Austerity – Back to the Workhouse?

 

By Mike Gold

Most media and economic commentators either support debt reduction and the resultant austerity, or demand a bit less austerity and a bit more Keynesian state intervention. There is no Plan B, scream the critics of George Osborne and Seamus Milne1 goes further and calls Osborne an economic disaster.

The truth is far more frightening since Cameron, Osborne and Clegg are not economic illiterates. Far from it, they understand exactly what they are doing; it is just that they are rather coy about telling the public. They do want to reduce sovereign debt – but that can be done later, when they have reduced public expenditure and priced the 99% into work.

If the sole aim of Government policy was to reduce sovereign debt, then the easy way is to increase tax revenues by reducing tax avoidance and tax evasion. The Government’s own figures state that £35 billion of tax was avoided or evaded in 20102 , while the Tax Justice Network3  says the figure is double £70 billion. Even an additional £35 billion a year would make austerity totally unnecessary, but there is no political will to collect tax from any of the three parties.

On the other hand, there is the political will to price people into work, and when this government’s policy is looked at holistically, it is apparent that there are three separate strands coming together to achieve this end. Firstly there is the cutting of social security payments, secondly the relaxing employment law, and lastly, the on-going negotiation over the right of Bulgarian and Romanian nationals to work in the UK from 2014.

The use of the American term welfare stigmatises people as lazy, as shirkers, yet most of the people affected by the cuts have paid their tax and national insurance all through their working lives. Many of those finding their social security benefits being cut are, perversely, still employed. Their wages are so low that they qualify for tax credits or housing benefit or both, and these are being cut.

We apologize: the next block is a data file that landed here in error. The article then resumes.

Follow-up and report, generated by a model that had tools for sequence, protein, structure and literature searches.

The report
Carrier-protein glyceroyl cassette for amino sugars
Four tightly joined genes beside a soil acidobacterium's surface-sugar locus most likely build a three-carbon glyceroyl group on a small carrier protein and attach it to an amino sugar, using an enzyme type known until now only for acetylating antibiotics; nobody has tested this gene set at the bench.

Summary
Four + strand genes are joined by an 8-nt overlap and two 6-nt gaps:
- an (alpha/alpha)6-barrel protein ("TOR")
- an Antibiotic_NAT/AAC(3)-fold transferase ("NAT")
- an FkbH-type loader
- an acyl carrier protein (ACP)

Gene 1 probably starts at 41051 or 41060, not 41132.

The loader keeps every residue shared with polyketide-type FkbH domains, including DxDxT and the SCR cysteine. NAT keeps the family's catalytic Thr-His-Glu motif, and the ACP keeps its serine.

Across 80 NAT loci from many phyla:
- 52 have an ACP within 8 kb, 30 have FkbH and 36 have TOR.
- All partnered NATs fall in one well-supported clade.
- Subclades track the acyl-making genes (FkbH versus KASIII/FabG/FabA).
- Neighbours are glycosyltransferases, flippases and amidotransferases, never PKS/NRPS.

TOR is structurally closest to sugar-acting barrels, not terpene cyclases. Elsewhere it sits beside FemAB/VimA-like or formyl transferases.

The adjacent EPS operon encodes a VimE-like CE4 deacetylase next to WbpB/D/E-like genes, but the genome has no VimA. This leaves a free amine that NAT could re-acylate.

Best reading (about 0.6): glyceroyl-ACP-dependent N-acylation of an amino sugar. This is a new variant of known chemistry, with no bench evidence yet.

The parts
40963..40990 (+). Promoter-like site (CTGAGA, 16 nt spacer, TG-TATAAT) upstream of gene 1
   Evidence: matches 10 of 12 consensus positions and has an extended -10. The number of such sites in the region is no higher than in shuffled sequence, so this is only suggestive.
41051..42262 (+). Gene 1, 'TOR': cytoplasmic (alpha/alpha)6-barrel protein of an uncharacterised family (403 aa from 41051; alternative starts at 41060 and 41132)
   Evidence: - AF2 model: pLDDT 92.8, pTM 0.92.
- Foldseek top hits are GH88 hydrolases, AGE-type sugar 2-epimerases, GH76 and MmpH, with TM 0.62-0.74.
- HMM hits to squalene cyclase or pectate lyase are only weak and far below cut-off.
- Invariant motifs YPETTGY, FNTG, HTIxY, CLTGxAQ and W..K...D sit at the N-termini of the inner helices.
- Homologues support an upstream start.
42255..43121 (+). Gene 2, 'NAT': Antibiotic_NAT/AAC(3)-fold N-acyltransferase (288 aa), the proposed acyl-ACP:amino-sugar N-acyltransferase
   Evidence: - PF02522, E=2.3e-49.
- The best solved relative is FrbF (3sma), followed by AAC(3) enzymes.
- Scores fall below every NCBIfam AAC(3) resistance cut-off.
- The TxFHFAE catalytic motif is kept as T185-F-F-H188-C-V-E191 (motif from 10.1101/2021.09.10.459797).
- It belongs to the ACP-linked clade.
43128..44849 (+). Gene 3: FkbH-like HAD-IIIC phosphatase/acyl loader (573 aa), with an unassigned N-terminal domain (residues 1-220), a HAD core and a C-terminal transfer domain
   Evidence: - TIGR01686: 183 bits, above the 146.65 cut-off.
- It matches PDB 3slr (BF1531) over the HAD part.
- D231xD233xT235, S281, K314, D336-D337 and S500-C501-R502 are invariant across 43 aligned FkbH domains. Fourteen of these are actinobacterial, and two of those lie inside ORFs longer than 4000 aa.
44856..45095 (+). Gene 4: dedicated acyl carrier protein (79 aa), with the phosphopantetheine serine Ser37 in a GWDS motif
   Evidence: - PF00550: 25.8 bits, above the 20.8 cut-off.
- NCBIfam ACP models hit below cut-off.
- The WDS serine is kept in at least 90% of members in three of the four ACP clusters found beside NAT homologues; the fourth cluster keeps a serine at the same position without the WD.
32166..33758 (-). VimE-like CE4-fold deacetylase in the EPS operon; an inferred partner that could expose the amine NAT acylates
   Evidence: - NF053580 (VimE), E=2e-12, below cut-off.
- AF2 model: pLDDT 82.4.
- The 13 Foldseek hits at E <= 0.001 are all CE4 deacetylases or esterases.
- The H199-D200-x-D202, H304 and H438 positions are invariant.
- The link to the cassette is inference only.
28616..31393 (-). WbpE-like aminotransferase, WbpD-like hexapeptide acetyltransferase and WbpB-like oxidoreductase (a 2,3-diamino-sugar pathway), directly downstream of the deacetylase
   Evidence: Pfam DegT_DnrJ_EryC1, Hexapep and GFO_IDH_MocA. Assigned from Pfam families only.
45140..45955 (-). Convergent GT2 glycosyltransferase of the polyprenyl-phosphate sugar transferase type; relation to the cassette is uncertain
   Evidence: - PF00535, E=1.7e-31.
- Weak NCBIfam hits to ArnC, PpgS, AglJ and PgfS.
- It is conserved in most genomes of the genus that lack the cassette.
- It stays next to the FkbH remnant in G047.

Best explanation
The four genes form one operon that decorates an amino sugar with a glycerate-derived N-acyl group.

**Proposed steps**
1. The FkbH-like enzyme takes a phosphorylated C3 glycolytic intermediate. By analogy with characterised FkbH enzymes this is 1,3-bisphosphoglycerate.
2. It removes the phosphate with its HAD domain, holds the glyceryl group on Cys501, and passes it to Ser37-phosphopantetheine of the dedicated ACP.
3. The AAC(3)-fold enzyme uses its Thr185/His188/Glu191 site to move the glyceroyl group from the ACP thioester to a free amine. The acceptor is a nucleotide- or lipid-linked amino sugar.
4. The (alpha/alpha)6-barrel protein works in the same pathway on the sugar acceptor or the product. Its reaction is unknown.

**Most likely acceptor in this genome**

The estimated cost of all benefits for 2011/12 was £200 billion4 and the government intends to reduce this by approximately 10% by the end of this parliament in 2015.

The relaxation of employment regulation has been going on for many years, and sub-contracting, which was a rarity for main stream jobs before 1979, is now the norm. Construction sites, road and rail maintenance, office services, office cleaning, road cleansing, waste collection etc are now routinely sub-contracted or contracted out. In one swoop the main contractor, often a government department or local authority, has rid themselves of any responsibility for the employment conditions of the people actually doing the work.

When jobs are contracted out or privatised, European legislation is supposed to protect workers, guaranteeing the continuation of their employment on the same terms and conditions. However, there are many ways for companies to circumvent the law, legally. One of the most popular is to review the grading structure soon after taking over – and surprise, surprise, offer staff a lower grade and a lower wage or redundancy!